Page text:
September 26, 2012 5:54 pm
A clean kitchen creates the ideal space for zen cooking. Who wants to prepare an intensive meal in a cluttered mess? And as far as hygiene, letting the dust settle in your kitchen is a recipe for disaster. Below are some tips for keeping an organized and clean culinary environment.
Create a plan of action
Before you begin cleaning, gather everything you'll need to tackle the kitchen as a whole, from rubber gloves and sponges, to the vacuum and mop. Assign tasks to each family member to help speed up the process. To ensure everything gets squeaky clean, make a checklist.
Use all-purpose cleaners
Make it easier with a quality, all-purpose cleaning product that can tackle all sorts of kitchen messes while killing germs, such as the Scrubbing Bubbles All Purpose Heavy Duty Cleaner with fantastik, which kills 99.9 percent of germs and bacteria. This cleaner can wipe out tough grease and grime, without leaving behind a filmy residue.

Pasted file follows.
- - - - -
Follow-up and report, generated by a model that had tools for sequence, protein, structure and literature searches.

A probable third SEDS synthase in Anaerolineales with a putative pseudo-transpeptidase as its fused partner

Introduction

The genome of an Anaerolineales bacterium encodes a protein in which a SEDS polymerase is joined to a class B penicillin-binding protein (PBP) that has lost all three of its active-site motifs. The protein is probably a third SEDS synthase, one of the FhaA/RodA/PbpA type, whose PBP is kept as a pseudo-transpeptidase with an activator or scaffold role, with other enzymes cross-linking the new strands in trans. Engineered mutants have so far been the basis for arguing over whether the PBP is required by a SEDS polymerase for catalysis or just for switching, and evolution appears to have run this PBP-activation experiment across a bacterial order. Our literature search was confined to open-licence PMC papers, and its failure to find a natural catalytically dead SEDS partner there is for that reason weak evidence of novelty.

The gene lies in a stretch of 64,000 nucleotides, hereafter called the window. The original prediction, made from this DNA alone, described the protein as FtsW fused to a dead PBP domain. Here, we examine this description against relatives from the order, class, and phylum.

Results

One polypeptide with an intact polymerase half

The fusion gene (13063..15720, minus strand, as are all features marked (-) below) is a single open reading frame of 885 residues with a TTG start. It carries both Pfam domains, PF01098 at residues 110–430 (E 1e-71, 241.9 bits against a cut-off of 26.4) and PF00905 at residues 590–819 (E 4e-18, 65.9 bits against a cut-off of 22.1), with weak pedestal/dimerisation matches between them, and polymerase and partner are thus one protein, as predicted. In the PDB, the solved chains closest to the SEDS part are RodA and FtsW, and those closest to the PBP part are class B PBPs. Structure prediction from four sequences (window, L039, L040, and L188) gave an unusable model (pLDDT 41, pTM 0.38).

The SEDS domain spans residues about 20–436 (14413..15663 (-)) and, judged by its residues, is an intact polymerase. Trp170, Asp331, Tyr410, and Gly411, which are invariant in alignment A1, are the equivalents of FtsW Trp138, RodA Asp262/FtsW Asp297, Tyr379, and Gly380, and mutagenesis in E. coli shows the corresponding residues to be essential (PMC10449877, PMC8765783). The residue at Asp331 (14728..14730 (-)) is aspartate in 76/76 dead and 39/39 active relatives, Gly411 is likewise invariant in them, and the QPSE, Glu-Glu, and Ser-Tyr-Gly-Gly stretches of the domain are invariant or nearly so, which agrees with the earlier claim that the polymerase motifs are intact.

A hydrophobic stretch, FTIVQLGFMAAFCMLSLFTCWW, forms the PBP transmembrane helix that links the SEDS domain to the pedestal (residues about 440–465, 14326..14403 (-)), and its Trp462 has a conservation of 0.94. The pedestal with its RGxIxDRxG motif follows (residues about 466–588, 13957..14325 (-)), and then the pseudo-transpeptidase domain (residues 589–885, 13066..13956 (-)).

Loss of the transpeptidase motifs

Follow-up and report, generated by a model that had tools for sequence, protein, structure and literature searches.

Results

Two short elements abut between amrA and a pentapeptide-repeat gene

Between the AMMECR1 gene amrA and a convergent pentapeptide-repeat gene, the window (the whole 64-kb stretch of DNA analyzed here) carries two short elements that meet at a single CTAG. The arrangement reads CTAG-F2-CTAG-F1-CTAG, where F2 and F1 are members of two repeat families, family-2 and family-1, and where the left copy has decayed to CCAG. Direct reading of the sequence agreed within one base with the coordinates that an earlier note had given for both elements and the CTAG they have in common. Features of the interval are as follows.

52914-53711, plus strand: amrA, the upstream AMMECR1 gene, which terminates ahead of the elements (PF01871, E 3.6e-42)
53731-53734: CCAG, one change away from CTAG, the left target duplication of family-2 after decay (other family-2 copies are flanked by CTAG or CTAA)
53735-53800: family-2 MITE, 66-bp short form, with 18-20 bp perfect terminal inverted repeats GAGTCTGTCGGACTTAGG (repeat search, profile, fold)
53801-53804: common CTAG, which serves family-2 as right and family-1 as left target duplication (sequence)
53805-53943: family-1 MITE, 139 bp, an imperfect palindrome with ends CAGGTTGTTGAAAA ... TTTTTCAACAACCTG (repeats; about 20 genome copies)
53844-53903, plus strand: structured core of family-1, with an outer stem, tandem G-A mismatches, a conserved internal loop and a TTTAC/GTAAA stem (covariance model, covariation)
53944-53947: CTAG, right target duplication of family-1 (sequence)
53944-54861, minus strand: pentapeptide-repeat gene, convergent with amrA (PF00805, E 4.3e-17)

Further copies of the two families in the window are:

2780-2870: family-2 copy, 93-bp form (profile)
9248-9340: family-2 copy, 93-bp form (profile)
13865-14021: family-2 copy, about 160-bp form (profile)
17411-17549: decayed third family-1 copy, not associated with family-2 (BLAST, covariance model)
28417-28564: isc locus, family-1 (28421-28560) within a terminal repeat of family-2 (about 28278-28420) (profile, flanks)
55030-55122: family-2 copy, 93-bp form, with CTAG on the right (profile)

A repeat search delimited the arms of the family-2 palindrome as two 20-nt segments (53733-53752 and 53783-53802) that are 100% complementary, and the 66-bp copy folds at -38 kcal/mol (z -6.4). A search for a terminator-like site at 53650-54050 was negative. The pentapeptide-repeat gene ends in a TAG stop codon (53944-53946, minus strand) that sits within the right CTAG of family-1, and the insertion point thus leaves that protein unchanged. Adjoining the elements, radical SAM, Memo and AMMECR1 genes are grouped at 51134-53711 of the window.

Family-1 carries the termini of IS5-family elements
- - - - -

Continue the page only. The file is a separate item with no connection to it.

Reorganize and prioritize
As you clean the kitchen, reorganize contents of pantries, cabinets, drawers and spice racks so everything is easy to find, with your most-used items in front for easy access. Ensure anything expired is thrown out, and donate canned foods you don't plan to use to a food bank.
Dust cabinet interiors
Remove dry-storage food items and dust out your cabinetry. Make sure you get back into the corners of your cabinets with a duster or vacuum. Wipe down dry food items with a damp cloth and place back in the cabinets.
Get your floors gleaming
Vacuum or sweep floors to get them prepped for mopping. Make sure to dust baseboards and corners where dust and pet hair can get trapped. Pay special attention to the cleaning solution you purchase to clean your floors, as hardwood flooring especially requires specific cleaners.
Sources: www.scrubbingbubbles.com, www.rightathome.com.
September 26, 2012 5:54 pm